3. And the other part of this conversation is that companies like Facebook and Google are quietly building massive amounts of power. Thus far it’s been very mutually beneficial for these companies and marketers…but we have to keep them in check, and not fall completely dependent, build our own tribes and channels or else be completely at the mercy of these juggernaut companies.

  4. I think this is all consistent with my guest article last week on the continuing worth of blogs and branded websites.
    Facebook has value — but that value isn’t free. It’s reckless for business, in particular, to plunge into a Facebook program without considering potential downside. Sharing your proprietary information with Facebook (and perhaps your competition) is a real consideration.
    So is the possibility of weeks, months, or years of community development flying out the window if Facebook ever decides to arbitrarily blot your account off the face of the interwebz.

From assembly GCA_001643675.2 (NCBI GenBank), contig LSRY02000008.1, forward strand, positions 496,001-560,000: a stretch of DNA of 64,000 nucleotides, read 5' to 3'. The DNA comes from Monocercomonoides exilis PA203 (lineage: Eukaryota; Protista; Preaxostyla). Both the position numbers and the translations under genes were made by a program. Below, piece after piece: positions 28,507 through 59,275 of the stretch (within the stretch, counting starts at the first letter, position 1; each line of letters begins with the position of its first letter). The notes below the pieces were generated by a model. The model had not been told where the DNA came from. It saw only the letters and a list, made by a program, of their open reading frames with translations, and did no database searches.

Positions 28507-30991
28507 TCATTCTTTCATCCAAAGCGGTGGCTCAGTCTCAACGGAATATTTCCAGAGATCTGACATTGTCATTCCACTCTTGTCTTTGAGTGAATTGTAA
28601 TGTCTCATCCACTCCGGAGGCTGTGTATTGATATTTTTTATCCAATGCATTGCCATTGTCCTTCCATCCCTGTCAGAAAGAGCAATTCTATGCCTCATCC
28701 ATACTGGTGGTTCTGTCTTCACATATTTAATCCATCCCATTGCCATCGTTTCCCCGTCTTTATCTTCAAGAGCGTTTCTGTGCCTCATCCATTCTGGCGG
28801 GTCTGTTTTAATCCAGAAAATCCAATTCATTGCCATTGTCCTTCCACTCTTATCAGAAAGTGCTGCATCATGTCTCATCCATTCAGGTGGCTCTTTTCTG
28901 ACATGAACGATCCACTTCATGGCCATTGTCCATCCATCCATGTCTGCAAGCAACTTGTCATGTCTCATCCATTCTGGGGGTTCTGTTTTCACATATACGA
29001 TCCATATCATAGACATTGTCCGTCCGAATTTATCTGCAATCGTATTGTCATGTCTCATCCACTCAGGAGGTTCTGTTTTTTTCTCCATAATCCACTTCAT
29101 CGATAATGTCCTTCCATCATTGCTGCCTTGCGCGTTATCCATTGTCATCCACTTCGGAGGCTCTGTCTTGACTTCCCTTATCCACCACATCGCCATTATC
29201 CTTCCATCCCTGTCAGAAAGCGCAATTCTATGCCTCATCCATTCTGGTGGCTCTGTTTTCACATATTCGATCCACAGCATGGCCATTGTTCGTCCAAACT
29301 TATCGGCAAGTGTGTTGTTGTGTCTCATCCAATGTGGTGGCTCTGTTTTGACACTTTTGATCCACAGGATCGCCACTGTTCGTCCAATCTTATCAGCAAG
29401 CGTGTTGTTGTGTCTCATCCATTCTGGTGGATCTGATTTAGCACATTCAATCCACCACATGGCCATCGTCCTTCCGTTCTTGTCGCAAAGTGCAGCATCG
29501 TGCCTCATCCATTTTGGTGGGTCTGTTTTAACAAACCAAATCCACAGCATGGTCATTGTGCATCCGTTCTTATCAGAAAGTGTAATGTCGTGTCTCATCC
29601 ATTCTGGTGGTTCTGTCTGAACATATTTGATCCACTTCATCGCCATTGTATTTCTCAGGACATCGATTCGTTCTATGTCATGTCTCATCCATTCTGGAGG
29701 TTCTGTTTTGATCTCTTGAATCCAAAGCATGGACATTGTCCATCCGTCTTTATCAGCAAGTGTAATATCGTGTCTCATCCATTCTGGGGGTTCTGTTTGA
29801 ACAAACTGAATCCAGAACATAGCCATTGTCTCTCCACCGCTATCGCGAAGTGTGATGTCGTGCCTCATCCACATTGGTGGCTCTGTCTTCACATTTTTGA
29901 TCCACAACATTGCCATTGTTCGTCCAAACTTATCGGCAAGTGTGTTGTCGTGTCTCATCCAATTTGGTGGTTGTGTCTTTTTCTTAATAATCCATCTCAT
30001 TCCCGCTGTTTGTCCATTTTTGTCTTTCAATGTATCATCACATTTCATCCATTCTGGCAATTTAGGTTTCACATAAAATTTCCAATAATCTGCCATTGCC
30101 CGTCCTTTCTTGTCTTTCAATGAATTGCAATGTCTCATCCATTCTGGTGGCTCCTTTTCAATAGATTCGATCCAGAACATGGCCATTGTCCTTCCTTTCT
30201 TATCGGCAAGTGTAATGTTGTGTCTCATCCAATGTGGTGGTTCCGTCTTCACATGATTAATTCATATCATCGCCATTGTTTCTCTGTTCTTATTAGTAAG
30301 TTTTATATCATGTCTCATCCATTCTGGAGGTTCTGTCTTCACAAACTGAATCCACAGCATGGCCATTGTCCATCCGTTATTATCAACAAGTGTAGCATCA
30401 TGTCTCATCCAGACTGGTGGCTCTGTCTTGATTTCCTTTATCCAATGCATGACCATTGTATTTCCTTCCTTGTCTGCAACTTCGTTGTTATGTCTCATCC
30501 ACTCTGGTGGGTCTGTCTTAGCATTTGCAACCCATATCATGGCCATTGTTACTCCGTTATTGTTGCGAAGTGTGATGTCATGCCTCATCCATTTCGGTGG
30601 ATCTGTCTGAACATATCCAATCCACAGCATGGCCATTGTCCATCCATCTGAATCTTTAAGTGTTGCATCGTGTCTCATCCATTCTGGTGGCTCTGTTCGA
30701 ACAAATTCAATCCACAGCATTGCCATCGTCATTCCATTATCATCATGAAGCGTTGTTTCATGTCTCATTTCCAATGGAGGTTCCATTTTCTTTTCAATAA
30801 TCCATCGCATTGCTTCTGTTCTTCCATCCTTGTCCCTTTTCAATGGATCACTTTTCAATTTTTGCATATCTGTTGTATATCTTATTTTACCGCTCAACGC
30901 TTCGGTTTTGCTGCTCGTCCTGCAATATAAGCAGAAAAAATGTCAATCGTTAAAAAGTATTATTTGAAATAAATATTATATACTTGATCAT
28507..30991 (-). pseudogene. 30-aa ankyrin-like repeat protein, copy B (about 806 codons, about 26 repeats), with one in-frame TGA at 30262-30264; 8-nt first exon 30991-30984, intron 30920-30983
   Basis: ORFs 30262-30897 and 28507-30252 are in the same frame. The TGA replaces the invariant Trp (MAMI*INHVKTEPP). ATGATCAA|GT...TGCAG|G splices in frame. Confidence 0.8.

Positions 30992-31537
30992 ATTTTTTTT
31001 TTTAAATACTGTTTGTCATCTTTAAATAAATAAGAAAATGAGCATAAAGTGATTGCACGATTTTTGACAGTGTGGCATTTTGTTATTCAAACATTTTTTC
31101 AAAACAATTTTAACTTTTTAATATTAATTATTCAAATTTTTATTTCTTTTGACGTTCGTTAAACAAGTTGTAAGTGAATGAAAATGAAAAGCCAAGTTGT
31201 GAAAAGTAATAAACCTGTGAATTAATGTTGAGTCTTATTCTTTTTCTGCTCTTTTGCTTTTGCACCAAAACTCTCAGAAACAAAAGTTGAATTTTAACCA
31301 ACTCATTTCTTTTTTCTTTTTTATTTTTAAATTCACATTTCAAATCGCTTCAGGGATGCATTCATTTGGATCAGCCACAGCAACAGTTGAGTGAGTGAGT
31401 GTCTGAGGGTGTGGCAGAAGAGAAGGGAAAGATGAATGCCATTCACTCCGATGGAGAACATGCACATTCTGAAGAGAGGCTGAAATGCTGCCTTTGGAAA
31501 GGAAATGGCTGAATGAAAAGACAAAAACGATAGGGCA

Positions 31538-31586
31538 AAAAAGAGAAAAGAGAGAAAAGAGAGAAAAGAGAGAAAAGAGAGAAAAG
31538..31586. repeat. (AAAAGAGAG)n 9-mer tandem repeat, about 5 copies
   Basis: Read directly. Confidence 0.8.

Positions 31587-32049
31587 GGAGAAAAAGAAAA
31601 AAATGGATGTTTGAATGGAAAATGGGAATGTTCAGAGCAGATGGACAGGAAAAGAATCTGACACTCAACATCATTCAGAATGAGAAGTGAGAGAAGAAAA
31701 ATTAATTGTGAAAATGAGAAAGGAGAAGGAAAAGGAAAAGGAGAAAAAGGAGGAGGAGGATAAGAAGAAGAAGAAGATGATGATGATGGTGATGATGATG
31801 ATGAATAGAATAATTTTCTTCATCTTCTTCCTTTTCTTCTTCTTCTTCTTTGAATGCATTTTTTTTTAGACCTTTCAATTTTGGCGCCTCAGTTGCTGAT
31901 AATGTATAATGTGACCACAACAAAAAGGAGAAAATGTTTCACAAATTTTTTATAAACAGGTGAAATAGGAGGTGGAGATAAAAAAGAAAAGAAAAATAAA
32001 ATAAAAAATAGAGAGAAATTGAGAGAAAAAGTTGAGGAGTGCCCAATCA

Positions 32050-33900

5. Or the interwebz get tired of all the Facebook billionaire media coverage and moves on to the next MySpaceBook-type thing.
    Plenty of coverage lately suggesting increases in the number of people deleting their Facebook accounts in the US, UK, and EU. Much of the growth is in developing societies. The bigger you are, the bigger the target on your back. No shortage of FB animosity out there these days. How long before someone capitalizes on that?
    It makes sense to keep an outpost on Facebook, but that’s about it.

  6. Thanks for a very smart post that pulls no punches. I continue to be astonished by those who think putting all their eggs in Facebook’s basket is not only smart, but somehow mandatory “or-else-you-will-die.” As if that’s not bad enough, they go on to claim that you must also tear down or abandon your company web site, since nothing but FB will do. What are these people smoking?
    The content argument alone should be enough to dissuade companies from going all Facebook–even if their database of customers were “safe.” The rented space analogy is right on.
    For a company to abandon their site and go all Facebook would be like a sharecropper selling their only acre of land in order to expand their lease operation with a plantation.